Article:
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Hebrew U. Research Shows How Rainy Days Affect Our Online Reviews


Do rainy days make you feel sad? Do they give you a more negative outlook on the world in general? Well, new research from the Hebrew University in Jerusalem shows that you are not alone: People’s moods change when it rains, leaving them more likely to post negative online reviews.

Rainy days are gloomy, so this makes sense.

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This is especially important in current times since nowadays everyone looks for recommendations for just about everything under the sun – books, movies, restaurants, hotels, etc. – online. But no one knows who the people are that are leaving the reviews and what state of mind they may be in when they did so.

This is why the Hebrew University research is so important.


Understanding how opinions are formed and decisions are made in our online world is the focus of the research by Dr. Yaniv Dover of the Jerusalem Business School and the Federmann Center for the study of Rationality at the Hebrew University of Jerusalem, Israel (HU). His latest publication in the Journal of Consumer Research shows that even the weather of the day can color our perception of past experiences.

Dover’s research, done in collaboration with Prof. Leif Brandes at the University of Lucerne, Switzerland, used 12 years of data and 3 million hotel bookings to examine how 340 000 anonymous online reviews of hotels were influenced by the weather on the day they were written. This was far from the simple evaluation that included matching between the booking made by the consumer and the written review, identifying the weather at the location of the reviewer, the star rating given, classification of vocabulary used to describe the stay, and the weather experienced during the stay at the hotel. The researchers also used a special statistical model that takes into account both the decision to provide a review and the content of the review.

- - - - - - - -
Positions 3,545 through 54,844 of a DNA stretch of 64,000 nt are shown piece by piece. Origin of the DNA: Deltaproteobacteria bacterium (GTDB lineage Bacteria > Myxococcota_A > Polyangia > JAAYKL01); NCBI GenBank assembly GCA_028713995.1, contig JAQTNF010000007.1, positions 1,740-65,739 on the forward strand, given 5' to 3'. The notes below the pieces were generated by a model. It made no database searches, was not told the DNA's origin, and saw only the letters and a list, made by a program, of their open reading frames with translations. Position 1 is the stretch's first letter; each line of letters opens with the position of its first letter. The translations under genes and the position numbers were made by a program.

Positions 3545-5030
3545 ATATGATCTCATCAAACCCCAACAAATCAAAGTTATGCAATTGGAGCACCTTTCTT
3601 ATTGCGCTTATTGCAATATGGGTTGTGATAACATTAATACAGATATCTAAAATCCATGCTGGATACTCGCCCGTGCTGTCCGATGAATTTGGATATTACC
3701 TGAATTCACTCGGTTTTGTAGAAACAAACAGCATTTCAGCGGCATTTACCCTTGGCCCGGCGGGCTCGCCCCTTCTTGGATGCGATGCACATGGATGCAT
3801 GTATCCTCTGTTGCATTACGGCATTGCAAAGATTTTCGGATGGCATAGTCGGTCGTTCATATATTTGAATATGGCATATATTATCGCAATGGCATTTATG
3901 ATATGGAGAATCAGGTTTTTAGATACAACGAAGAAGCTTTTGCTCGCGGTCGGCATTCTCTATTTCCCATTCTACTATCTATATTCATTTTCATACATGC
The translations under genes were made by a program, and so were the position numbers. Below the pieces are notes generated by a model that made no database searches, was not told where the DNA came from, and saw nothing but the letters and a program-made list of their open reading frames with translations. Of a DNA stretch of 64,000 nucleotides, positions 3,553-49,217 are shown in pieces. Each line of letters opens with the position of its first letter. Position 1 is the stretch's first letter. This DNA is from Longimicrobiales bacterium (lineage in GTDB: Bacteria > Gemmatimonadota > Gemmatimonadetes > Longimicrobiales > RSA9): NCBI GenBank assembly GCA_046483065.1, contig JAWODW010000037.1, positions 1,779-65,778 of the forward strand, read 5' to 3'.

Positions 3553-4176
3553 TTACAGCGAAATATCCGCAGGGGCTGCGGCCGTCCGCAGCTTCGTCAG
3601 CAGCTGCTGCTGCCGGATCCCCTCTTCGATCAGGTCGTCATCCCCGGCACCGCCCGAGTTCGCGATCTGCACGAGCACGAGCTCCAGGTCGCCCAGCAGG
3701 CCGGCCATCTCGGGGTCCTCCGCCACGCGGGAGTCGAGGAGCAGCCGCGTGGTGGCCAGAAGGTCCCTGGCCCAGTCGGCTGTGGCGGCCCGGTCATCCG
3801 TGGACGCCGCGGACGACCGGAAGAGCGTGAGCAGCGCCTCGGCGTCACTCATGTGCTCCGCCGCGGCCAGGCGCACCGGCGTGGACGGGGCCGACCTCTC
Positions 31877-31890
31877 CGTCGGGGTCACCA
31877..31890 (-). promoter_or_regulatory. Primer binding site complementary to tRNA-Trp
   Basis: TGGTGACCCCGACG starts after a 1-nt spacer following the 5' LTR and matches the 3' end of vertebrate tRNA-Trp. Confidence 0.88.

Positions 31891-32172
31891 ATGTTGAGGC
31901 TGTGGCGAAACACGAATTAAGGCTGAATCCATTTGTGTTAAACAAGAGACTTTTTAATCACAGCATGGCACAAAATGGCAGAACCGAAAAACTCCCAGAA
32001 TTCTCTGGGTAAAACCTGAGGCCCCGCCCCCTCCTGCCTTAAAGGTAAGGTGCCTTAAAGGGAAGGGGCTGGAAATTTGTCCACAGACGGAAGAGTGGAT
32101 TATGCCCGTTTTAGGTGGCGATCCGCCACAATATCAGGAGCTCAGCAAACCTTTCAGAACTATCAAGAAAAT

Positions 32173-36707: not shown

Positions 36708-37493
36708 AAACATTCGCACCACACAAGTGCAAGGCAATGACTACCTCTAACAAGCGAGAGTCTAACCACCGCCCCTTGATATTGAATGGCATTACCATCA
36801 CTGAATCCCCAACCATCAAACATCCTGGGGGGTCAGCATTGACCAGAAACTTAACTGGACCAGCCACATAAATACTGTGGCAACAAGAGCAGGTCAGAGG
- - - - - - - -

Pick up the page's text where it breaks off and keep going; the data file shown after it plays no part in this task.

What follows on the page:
The results showed conclusively that, on average, bad weather (rain or snow) reduced the reviewers’ evaluation of their past hotel experience sufficiently to nearly demote the hotel from a 5- to a 4-star rating. Bad weather also made reviewers write longer and more critical and detailed reviews. They also showed that on rainy days there was a higher chance of choosing to write a review and that the effect of weather on the review was independent of the weather they experienced during the hotel stay. The authors suggest that this effect may be because bad weather days trigger more negative memories, or induce a negative mood which colors the review.


This research is interesting in itself but has much wider implications because it shows, for the first time, how our external physical environment—in this case the weather—can be a factor in our online judgments. Dover explains that this type of research “exposes an aspect of the dynamics of our new digital world… and can help policy makers frame policies to better engineer a more productive and healthy effect of online activities on our daily lives.”



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